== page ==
Foxx Harrington used to take part in traditional organized sports. Growing up in Boise, Idaho, Harrington played football, basketball and wrestling. He enjoyed the competition and camaraderie. But eventually, those sports felt like a chore.
When Harrington discovered the world of competitive esports, he uncovered similar benefits to traditional team sports. He experienced the thrill of victory, the disappointment of defeat and the camaraderie of being part of a team.
But there was a notable difference. Playing esports never felt like a chore.
“Everybody is here because they want to compete against the best,” said the senior political science major. “It’s one of the fairest places to find that [competitive] environment. Besides that, it’s fun as hell.”
Making a name on the national scene
Harrington is one of 35 students who compete for the Simpson College varsity esports program. Formed in the fall of 2021, the varsity program competes in five of the most popular titles as a member of the National Association of Collegiate Esports, the largest conference in the college esports system with 600 member schools.
Under the leadership of Director of Esports Hubert Whan Tong, the new program has already made a name for itself on the national scene.
In the fall, Simpson took third place at the NACE postseason tournament in Valorant, a tactical shooting game involving two teams of five players. In the winter, Harrington represented Simpson at the national tournament in Super Smash Bros., an individual crossover fighting game. As a national qualifier, Harrington was among the top 32 players in North America.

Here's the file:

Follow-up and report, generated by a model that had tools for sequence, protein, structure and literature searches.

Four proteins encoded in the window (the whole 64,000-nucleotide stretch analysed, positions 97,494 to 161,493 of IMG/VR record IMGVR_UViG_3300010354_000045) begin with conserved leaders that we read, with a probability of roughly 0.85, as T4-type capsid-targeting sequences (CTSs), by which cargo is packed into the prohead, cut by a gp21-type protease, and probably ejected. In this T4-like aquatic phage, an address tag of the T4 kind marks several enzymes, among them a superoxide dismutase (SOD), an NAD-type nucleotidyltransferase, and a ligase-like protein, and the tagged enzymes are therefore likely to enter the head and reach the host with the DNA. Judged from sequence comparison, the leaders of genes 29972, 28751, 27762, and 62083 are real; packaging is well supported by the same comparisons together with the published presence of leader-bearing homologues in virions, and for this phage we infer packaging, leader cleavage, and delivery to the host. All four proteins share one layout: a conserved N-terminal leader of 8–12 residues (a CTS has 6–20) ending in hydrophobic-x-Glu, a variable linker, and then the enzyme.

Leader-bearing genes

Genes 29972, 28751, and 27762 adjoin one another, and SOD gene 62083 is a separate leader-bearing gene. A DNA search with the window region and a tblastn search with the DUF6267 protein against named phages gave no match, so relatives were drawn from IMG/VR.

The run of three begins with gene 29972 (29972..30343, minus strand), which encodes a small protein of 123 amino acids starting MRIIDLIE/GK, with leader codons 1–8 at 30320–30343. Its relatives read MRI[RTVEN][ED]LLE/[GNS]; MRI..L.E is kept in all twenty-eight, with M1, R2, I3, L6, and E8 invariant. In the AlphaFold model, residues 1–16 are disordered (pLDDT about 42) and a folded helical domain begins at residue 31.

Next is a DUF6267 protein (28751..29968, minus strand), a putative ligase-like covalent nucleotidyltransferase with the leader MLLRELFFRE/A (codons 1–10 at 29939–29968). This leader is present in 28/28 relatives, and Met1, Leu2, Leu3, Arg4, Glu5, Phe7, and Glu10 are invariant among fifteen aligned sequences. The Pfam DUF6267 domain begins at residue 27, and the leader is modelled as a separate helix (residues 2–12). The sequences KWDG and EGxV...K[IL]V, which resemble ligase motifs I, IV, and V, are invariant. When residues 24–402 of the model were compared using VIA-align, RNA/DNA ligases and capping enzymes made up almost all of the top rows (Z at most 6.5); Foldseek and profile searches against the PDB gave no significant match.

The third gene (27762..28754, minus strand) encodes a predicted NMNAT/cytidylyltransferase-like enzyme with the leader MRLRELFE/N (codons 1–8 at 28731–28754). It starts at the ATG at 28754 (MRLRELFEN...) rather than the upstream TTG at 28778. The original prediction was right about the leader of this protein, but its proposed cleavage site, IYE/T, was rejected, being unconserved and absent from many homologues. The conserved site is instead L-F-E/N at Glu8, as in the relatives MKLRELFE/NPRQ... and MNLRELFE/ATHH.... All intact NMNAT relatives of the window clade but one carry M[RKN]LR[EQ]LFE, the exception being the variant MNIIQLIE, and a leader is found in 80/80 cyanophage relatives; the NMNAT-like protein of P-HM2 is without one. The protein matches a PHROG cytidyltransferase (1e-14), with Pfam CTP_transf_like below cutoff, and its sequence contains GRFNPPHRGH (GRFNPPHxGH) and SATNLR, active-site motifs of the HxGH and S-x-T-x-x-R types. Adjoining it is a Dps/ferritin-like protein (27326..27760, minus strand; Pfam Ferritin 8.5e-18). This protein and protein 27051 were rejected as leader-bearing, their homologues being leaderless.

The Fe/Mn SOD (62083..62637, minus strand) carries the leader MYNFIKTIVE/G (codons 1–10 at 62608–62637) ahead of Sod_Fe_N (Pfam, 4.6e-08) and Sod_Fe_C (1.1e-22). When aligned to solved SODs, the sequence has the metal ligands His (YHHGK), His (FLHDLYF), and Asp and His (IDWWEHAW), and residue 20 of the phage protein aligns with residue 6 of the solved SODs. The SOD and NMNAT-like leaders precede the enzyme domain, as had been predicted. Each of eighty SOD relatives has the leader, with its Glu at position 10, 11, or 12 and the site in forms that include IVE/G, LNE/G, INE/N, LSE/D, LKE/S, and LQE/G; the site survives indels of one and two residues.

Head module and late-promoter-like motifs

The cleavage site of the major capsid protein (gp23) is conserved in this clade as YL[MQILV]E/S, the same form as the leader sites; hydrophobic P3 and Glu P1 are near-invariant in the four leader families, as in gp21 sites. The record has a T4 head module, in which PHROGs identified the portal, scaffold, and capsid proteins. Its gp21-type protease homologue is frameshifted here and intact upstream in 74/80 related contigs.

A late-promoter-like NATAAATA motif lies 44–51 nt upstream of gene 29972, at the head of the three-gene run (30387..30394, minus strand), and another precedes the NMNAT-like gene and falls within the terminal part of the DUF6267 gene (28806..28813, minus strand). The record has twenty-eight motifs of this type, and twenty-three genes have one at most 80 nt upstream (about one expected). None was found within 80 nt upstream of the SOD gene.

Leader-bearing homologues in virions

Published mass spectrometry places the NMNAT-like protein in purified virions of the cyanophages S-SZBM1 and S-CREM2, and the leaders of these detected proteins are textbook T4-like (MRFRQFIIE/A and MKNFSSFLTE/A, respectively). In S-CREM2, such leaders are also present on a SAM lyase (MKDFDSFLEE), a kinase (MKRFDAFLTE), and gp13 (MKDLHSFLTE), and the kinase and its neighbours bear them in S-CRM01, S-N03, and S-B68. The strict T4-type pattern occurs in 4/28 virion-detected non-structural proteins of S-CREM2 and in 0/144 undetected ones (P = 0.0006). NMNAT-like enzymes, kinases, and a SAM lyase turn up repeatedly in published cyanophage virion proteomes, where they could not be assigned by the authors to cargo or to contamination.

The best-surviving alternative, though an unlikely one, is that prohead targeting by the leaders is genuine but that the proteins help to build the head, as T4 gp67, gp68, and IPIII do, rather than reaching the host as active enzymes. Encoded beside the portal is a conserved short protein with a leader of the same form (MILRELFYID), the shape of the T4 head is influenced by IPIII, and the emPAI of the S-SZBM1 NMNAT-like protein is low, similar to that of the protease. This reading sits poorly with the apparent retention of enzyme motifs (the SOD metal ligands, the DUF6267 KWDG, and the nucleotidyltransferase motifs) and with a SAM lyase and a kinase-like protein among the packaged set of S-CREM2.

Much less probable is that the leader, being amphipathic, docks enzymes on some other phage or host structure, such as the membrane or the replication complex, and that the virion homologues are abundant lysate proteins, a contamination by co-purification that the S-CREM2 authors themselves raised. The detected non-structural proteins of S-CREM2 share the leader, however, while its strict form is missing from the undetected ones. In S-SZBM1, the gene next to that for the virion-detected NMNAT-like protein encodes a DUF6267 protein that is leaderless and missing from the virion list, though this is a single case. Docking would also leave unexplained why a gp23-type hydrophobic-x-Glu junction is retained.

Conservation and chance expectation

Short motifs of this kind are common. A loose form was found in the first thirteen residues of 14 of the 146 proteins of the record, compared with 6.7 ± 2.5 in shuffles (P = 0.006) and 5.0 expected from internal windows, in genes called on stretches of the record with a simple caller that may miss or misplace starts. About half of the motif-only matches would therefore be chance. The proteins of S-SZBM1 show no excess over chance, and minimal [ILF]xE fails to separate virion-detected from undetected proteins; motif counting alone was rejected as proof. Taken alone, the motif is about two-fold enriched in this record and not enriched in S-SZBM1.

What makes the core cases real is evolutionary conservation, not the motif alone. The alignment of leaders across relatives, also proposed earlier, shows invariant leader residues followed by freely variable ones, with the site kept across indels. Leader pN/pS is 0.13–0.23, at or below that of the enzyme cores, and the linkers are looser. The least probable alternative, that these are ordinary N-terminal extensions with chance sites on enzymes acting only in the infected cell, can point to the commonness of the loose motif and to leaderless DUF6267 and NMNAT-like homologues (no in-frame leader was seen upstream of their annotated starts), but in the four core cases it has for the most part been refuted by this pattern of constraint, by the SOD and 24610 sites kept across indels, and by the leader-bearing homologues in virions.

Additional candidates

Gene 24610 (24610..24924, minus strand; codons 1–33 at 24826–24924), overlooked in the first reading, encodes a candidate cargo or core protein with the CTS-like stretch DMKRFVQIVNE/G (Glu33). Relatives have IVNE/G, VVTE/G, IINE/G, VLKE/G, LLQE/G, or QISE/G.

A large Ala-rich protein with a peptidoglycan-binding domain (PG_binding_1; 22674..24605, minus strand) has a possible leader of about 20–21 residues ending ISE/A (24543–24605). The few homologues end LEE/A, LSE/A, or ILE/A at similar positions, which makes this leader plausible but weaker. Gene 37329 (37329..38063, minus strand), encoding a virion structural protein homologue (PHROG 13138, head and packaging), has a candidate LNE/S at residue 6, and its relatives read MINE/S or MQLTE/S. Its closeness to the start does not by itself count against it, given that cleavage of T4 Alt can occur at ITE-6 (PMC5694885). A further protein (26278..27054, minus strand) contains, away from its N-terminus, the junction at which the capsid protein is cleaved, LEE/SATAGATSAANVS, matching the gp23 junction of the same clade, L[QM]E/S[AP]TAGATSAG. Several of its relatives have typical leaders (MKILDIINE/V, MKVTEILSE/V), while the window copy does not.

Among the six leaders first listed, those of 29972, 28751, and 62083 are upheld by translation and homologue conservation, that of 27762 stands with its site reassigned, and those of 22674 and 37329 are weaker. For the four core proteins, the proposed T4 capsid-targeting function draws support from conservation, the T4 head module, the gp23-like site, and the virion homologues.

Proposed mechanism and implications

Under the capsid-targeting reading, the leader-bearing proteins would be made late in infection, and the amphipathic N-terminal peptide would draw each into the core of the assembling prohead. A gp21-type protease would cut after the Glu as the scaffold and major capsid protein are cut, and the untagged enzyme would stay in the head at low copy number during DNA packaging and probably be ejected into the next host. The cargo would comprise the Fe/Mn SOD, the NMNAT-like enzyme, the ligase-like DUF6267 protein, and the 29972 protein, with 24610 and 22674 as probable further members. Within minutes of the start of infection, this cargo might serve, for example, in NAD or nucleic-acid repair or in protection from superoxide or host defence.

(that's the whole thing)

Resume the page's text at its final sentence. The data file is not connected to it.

“There are programs that haven’t had nearly as much success as we have despite being around longer,” Whan Tong said. “There are programs in our backyard that have been around two to three years longer than us and haven’t experienced the type of long-term success we’ve had.”
More than an individual sport
Whan Tong – who competed collegiately at DeSales University before a carpal tunnel injury nudged him toward coaching – credits a strong team culture for the program’s success. While the gaming industry is often misrepresented as an individual sport, in reality, that’s rarely the case. Most of the titles Simpson plays are team games, where three or five players work together to achieve a goal.
“You learn teamwork because you have to,” said Seth Larson, a senior interactive media major who specializes in team games like League of Legends and Starcraft. “If you have any hope of winning, you have to communicate. If you’re silent, it won’t work out for you.”
Even players like Harrington, whose expertise lies in individual gameplay, feel the support of their team members. When Harrington took part in the qualifying rounds prior to the national tournament, Harrington said his teammates “came out in droves” to support him.
“Our student-athletes are very supportive of each other,” Wahn Tong said. “It’s much easier to improve when everyone is willing to buy into a team-first mentality.”
Creating the varsity program
Larson is a founding member of the esports club, which formed in 2018. When he found out there was momentum behind starting a varsity program, Larson immediately volunteered his time and expertise.
“Esports is like my baby,” Larson said. “I’ve been following esports for as long as I can remember. It’s always been at the forefront of my thoughts. Being able to help build this program has been a dream come true for me.”
Larson was also instrumental in the search committee tasked with hiring a director for the program. On paper, Whan Tong’s experience as a coach and competitor stood out to the committee. In the esports arena, Whan Tong’s passion has put Simpson esports on an upward trajectory.
“We couldn’t have hired a better director,” Larson said. “Hubert is the facilitator of a team environment that’s welcoming, inclusive and caring. It’s what sets us apart from anything else and it’s what will keep the program moving forward.”